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Tags: Is COVID-19 Retirement Aftershock the Next Crisis

Is COVID-19 Retirement Aftershock the Next Crisis?

financial retirement aftershocks

(Lars Pettersson/Dreamstime)

Clara Del Villar By Wednesday, 15 April 2020 11:26 AM EDT Current | Bio | Archive

Our country’s golden goose has been wounded — not by hubris but virus.

At the end of 2019, Americans had almost $33 trillion of retirement savings in pensions, 401(k)s and IRAs.

It 's difficult to fathom such a large number.

So imagine the height of a stack of 33 trillion dollar bills, it would equal 2.3 million miles.

Distributing this heft sum to all 330 million Americans equates to $100,000 for each of us.

These retirement resources accounted for 34% of all U.S household financial assets.

Our nation’s economic engine and its employment levels over this golden decade were so remarkable that just one firm, Fidelity Investments reported a record 450,000 of their clients were able to accumulate $1 million in their 401ks and IRA portfolios.

Unfortunately, throughout these good times, median retirement savings for many Americans over 55 years old ranged from zero to $60,000 leaving these families unprepared for a comfortable retirement, even when one factors in Social Security benefits.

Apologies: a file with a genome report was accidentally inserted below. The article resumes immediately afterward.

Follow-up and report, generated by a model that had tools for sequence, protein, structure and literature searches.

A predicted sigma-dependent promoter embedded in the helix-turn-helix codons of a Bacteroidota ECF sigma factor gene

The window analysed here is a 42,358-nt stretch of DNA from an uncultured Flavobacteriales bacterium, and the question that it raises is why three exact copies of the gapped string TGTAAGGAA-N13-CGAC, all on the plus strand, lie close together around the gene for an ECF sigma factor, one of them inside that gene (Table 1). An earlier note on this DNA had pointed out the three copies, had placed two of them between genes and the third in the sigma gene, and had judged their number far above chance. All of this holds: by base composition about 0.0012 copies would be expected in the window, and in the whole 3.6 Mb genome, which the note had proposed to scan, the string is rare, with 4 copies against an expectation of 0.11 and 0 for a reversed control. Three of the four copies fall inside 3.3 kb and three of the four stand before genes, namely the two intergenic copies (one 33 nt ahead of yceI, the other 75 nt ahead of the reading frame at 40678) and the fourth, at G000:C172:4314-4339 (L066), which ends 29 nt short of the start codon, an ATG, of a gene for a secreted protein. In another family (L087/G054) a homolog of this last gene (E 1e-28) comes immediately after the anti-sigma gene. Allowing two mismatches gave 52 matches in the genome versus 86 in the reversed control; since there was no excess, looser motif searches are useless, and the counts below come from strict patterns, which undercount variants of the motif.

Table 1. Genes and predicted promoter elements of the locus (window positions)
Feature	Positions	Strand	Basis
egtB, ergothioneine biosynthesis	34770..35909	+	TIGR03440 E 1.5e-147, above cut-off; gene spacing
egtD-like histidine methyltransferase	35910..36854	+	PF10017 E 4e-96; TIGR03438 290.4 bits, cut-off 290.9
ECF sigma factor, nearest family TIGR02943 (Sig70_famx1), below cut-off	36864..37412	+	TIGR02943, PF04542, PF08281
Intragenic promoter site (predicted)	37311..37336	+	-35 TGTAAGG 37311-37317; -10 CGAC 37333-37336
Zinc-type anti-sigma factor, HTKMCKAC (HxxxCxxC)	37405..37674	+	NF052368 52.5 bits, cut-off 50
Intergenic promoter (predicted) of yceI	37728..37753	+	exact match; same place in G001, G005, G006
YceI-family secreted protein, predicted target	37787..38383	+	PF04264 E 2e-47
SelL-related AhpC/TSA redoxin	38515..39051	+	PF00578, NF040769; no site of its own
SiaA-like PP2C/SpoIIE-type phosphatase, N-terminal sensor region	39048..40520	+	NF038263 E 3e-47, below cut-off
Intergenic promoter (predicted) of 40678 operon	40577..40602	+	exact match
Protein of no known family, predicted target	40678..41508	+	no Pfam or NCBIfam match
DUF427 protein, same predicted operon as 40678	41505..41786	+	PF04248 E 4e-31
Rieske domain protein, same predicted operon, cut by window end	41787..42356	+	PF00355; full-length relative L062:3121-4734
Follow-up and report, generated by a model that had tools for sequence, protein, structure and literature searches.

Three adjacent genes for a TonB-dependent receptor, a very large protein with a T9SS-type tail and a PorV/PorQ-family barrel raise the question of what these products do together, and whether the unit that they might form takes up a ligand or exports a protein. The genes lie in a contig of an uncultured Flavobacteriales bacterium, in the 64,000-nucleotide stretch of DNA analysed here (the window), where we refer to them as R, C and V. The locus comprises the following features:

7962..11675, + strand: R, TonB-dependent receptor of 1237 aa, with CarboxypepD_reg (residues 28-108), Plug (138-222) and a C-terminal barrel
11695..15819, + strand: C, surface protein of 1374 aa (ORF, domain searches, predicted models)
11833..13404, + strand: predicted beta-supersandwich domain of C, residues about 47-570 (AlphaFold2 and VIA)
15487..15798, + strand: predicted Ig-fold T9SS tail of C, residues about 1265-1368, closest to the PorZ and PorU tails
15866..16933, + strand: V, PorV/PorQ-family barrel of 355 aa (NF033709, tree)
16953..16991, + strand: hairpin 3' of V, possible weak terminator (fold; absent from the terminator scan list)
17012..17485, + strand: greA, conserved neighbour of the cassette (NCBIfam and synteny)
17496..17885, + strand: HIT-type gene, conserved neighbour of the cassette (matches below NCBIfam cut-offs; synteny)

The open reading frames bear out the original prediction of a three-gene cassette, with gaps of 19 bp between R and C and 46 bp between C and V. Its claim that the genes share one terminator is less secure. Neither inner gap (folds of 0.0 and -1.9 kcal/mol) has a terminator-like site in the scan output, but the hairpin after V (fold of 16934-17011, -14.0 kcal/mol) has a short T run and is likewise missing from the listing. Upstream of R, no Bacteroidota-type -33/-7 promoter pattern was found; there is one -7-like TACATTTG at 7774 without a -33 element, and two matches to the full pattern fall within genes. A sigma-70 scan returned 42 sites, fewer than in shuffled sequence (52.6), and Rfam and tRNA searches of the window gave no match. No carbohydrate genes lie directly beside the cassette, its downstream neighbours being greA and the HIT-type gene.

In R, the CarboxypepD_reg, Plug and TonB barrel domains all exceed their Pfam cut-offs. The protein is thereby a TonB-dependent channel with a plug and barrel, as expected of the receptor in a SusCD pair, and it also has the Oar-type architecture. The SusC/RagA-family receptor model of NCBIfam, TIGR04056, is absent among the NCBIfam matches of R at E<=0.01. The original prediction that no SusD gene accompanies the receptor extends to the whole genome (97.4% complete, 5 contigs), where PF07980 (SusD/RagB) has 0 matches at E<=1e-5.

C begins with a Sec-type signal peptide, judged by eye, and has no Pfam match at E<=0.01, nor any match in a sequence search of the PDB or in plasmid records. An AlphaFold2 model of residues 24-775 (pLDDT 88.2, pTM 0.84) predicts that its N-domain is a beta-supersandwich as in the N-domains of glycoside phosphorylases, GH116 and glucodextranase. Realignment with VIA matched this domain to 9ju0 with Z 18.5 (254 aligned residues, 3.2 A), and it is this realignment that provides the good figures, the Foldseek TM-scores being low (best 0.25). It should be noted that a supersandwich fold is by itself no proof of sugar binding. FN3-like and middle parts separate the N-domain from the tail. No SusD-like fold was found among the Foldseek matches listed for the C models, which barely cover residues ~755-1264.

The virus lockdown has slammed shut commercial activity; those rosy numbers are history — for now — and the road ahead for everyone is bumpy. Many jobless middle and low income workers are dealing with potentially catastrophic consequences.

While we wrap our heads around the scale of this highly contagious virus which is taking and changing lives as well as livelihoods in our country, we can use this national stay at home period to share productive ideas and restore confidence in a successful recovery.

It's hardly reassuring for Americans to watch like sports scores — the daily tally of coronavirus cases and deaths on cable channels and news sites.

The shutdown highlights existing retirement readiness dilemmas ahead for current and future retirees.

In this election year, as rescue packages keep rolling out, seniors will be increasingly tempted by ever greater government spending solutions.

But the real path to personal economic solvency is a growing private-sector economy.

(1) Markets have tumbled by 28% this year to date. All portfolios take painful hits when chaos and uncertainty surface. It is natural to be rattled. Retiree households with exposure to stocks fear they have less time to catch up and salvage lost savings if this downturn lingers. Volatility often proves too stressful for many savers who cash out of portfolio holdings at the wrong time — locking in losses. Some good news reflected in the recent CARES Act rescue package takes into account the harmful long term impact of liquidating holdings during sharp market downturns. Seniors over 72 will not have to take a required minimum distribution (RMDs) in 2020. 

Pension funds also invest heavily in equities to improve performance potential and are equally impacted with negative returns. If the economy remains closed for business, this near term market and economic decline can turn into a severe recession or worse —accelerating losses.